When you hold a book in your hand — or view a painting, watch a movie, or listen to music — you’re seeing only one part of a story — and usually it’s only the last chapter, ripped from the book and handed to you as the Complete Story. That bit of creative misdirection means that you’re seeing only what the artist wanted you to see. The artist who produced that painting you’re looking at, for example, doesn’t really want you to know or care where he bought the canvas, who he scrounged the paints off of, what room he painted in, or that his mother always wanted him to be chef instead of a painter. The art itself — which is the end result of the creative process — is meant to be the statement; the rest is insignificant.
I tend to disagree with that. The biographer in me can’t help but wonder how people were working and living their lives, even as they were creating their art.
I love knowing what goes on behind the scenes. I love visiting the homes of famous writers, artists, or politicians, for instance, and soaking up the atmosphere where they lived and worked. I enjoy poring through journals, letters, records and receipts, fascinated with what people write in the places where they believe no one will ever be looking. I’m one of those annoying people who watches every single “Behind The Scenes” or “Making of…” feature on a DVD, so I can see the interviews with the cast and crew, writer and director.
Creating art is hard work. And I think that hard work deserves to be explored and celebrated — especially when it makes for such a good story.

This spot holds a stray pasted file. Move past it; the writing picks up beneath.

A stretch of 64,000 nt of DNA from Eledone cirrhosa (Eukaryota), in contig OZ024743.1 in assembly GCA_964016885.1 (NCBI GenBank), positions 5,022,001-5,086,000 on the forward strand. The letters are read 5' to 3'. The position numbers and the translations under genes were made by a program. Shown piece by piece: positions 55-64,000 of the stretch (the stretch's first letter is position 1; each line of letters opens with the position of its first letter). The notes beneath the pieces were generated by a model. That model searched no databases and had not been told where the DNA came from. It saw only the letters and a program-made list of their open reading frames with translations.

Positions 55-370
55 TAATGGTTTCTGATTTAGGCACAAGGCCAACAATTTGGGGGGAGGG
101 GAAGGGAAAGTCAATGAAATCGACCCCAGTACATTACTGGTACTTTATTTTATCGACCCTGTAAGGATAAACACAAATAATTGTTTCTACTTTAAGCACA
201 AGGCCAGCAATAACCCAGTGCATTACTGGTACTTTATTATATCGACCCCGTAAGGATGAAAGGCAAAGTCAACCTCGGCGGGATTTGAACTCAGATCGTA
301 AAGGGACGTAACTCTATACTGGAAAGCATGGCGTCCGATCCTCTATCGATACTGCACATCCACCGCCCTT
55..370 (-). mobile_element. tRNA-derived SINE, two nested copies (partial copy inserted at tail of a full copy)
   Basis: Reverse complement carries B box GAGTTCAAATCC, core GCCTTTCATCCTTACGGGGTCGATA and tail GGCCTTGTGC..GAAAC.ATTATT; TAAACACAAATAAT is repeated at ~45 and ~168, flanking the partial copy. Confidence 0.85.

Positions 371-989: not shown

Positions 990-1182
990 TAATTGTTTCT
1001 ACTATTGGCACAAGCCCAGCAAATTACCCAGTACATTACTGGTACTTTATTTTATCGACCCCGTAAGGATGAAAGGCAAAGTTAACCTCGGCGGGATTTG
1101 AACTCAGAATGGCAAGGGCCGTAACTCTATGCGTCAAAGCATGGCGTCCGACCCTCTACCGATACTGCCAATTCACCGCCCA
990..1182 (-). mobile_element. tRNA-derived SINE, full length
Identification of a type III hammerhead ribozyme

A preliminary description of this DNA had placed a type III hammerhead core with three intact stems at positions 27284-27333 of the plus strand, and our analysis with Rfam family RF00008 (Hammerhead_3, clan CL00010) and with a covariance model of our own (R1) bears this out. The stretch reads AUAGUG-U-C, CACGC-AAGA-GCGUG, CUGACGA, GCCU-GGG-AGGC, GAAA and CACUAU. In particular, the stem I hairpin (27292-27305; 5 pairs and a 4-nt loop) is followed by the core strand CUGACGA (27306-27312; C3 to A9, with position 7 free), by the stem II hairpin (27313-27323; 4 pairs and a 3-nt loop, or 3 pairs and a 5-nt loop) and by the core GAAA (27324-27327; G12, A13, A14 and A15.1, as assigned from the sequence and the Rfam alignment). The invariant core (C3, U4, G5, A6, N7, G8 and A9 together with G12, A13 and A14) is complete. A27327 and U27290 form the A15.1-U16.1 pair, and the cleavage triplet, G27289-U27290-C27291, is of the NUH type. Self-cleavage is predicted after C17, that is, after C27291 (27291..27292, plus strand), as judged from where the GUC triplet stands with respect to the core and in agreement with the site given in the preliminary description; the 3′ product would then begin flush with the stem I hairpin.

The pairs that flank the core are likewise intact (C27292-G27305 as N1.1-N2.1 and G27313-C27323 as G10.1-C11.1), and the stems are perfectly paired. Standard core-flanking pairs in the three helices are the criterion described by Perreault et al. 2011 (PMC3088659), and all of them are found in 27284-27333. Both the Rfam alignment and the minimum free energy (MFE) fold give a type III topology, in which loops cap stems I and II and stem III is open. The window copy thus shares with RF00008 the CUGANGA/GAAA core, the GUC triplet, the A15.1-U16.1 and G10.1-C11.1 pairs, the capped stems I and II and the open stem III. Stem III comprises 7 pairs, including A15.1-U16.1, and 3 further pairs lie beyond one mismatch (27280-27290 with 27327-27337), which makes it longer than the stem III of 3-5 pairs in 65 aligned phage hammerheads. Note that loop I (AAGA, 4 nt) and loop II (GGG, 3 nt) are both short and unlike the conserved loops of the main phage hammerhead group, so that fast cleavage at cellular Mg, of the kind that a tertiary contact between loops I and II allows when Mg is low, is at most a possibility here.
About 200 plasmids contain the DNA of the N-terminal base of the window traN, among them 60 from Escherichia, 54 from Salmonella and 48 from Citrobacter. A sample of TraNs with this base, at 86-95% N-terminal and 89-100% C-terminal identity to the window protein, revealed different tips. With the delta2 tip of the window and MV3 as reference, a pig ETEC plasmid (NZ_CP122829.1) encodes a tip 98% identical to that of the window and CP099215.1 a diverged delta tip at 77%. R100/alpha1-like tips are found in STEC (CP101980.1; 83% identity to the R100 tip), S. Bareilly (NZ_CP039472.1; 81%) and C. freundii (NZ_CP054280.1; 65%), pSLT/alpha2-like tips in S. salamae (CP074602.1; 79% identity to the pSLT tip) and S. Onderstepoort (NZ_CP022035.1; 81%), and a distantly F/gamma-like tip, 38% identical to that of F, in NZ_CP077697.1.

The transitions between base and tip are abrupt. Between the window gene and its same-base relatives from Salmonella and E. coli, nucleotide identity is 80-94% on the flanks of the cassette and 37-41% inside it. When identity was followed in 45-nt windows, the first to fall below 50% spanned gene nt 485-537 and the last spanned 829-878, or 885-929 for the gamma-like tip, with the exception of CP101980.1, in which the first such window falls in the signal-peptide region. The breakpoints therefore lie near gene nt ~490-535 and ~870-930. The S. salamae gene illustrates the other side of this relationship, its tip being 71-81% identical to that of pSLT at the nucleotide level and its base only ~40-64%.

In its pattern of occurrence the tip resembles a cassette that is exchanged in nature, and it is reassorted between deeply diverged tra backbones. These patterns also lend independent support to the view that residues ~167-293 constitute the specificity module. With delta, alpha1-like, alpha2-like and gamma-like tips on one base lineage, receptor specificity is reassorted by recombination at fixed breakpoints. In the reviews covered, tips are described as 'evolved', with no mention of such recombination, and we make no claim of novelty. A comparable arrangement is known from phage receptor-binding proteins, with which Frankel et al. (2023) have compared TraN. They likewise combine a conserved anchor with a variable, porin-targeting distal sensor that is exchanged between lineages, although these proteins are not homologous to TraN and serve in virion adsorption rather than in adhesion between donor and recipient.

Let me give you an example.
I’ve always been intrigued by the Beach Boys. It’s not so much their music, which I’m not interested in much beyond what you might find on a typical greatest hits CD; rather, I’m fascinated by the relationship and creative dynamic between the Wilson brothers and their overbearing father, Murry. While I’ve not yet been able to find a biography of the group that truly rises to my expectations in this regard (the last one I read, Catch A Wave, was, I thought rather flat), I recently came across a primary source that’s even better: forty minutes of open audio from a 1965 Beach Boys recording session, when the early takes of “Help Me, Rhonda” are broken up by the entry of a drunken, sometimes angry, sometimes weepy, but almost always abusive Murry Wilson.
Murry proceeds to take over the session, berating the singing of Al Jardine — who’s singing his guts out — and lecturing Brian Wilson on sacrifice and hard work (“I’m a genius, too!” Murray testily proclaims). At one point, Murry and Brian can be heard scuffling over the controls, as Murry tries to turn off the recording equipment and Brian — thankfully — manages to leave the tape rolling.
It’s a fascinating look behind the scenes, and makes you appreciate even more just how difficult it must have been for Brian Wilson to produce . . . well, anything. More than anything, you can see that Brian Wilson didn’t create great music through magic; it was, for more than just a few reasons, hard work.
If I’ve peaked your curiosity, don’t worry, I won’t leave you hanging. Courtesy of WFMU, then, here’s the full 40-minute version of the January 8, 1965 Beach Boys recording session. If you don’t have 40 minutes, here’s a highlight reel.
As an added bonus, here’s the first installment of Peter Bagge’s The Murry Wilson Show:
My point is, sometimes what’s going on behind the Wizard of Oz’s curtain is just as interesting as the final product itself — provided, of course, that you really want to look. But you tell me: Does that peek behind the scenes take something away from the final product? In other words, is the magic gone at that point? Or does knowing of all the hard work that went into it make you appreciate the final product that much more?